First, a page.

By Dr Ananya Mandal, MD
Hypotonia is a condition where there is decreased resting muscle tone. It is a symptom of an underlying condition that may be congenital (present since birth) or acquired (manifested later in life).
General symptoms of congenital hypotonia
Congenital hypotonia usually manifests as (1-4):
- Muscle weakness that is noticeable by the time the baby is six months old
- Initial symptom is a weak cry and inability to suck or swallow
- Little or no control of neck muscles leading to a floppy head and lack of head-holding
- Feeling of a limp body when held
- Inability to place any weight on legs or shoulders
- The baby’s arms and legs hang straight down from sides, rather than bending at the elbows, hips and knees.
- Delayed achievement of motor growth developmental milestones like sitting up, crawling, walking, talking or feeding themselves
- Frequent falls and slipping off the high chair
- If there are severe congenital myopathies there may be accompanying skeletal or bone and joint abnormalities. These include propensity for hip dislocation, deformities of the spine and foot.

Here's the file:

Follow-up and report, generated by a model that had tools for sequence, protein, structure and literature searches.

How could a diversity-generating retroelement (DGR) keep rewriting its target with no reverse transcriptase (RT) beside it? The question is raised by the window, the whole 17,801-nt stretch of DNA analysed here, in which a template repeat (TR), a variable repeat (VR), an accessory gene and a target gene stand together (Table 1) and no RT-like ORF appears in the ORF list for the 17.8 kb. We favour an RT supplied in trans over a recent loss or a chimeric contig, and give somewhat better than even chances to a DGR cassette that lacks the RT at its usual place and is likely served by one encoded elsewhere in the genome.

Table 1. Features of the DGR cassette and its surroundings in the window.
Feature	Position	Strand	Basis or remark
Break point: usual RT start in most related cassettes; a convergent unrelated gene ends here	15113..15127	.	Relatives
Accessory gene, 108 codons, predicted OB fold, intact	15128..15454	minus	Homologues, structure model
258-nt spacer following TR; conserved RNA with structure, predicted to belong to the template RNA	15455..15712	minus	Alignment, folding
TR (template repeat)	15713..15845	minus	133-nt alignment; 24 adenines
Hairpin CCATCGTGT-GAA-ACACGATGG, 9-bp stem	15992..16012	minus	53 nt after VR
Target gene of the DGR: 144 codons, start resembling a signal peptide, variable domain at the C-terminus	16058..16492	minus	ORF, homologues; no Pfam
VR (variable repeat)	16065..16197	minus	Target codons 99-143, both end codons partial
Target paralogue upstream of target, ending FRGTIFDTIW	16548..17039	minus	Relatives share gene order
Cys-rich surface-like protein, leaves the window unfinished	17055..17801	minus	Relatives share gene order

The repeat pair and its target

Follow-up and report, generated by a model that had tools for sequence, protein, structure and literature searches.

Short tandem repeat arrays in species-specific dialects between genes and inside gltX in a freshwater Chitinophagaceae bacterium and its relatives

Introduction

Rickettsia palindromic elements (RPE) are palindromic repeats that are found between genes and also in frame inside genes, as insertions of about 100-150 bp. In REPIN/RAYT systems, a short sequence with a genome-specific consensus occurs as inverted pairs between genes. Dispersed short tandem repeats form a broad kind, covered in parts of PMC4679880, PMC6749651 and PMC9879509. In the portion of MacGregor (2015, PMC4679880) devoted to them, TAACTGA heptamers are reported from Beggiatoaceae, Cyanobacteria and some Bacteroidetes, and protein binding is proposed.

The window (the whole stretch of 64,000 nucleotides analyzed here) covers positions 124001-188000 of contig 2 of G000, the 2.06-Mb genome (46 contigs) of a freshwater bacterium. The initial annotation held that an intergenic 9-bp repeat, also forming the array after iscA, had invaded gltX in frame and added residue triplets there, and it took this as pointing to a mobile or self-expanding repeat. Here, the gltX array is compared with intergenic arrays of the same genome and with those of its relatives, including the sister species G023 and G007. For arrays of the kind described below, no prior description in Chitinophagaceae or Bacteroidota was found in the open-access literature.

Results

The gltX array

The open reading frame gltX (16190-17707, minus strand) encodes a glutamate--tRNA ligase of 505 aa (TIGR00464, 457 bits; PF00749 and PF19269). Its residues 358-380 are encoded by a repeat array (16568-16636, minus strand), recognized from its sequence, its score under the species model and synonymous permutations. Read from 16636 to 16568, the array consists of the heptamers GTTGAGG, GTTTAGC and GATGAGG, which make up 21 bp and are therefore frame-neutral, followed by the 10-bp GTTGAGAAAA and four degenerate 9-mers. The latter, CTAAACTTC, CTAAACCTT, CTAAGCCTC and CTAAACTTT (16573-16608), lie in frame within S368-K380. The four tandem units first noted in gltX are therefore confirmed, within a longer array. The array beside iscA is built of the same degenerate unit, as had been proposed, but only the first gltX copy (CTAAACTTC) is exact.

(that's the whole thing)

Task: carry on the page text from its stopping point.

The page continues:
- On examination of a hypotonic child there is weakness of the muscles of the face, trunk or foot and ankle muscles.
There may be ptosis or drooping eyelids, wing like outward protrusion of the scapula bones of the back and a thin body.
There may be a protrusion of the abdomen due to weak abdominal muscles that are unable to hold in the contents of the abdomen.
- Most patients with hypotonia may develop insufficiency of breathing and 50% of patients between ages 3 and 55 years need some form of artificial method to help them breathe at night.
Symptoms of congenital hypotonia that relate underlying conditions
Symptoms of acquired hypotonia
In case of acquired hypotonia or adults with hypotonia the usual manifestations include (3-4):
- Clumsy behavior that progressively worsens
- Frequent falls
- Inability or difficulty getting up from a lying or sitting position
- Difficulty in reaching for or lifting an object
- High flexibility of joints called joint laxity. This may occur at hips, elbows and knees
Specific symptoms of hypotonia
Specific symptoms and signs of hypotonia include (2) –
- Central hypotonia – This is seen in 60-80% cases. There may be additional problems like seizures, inability to track a visual object, failure to imitate facial gestures, lethargy etc.
- Peripheral Hypotonia – Seen in 15-30% of cases. These patients manifest with feeding difficulties, generalized weakness and absence of muscle reflexes on testing.
Edited by April Cashin-Garbutt, BA Hons (Cantab)
What is hypotonia?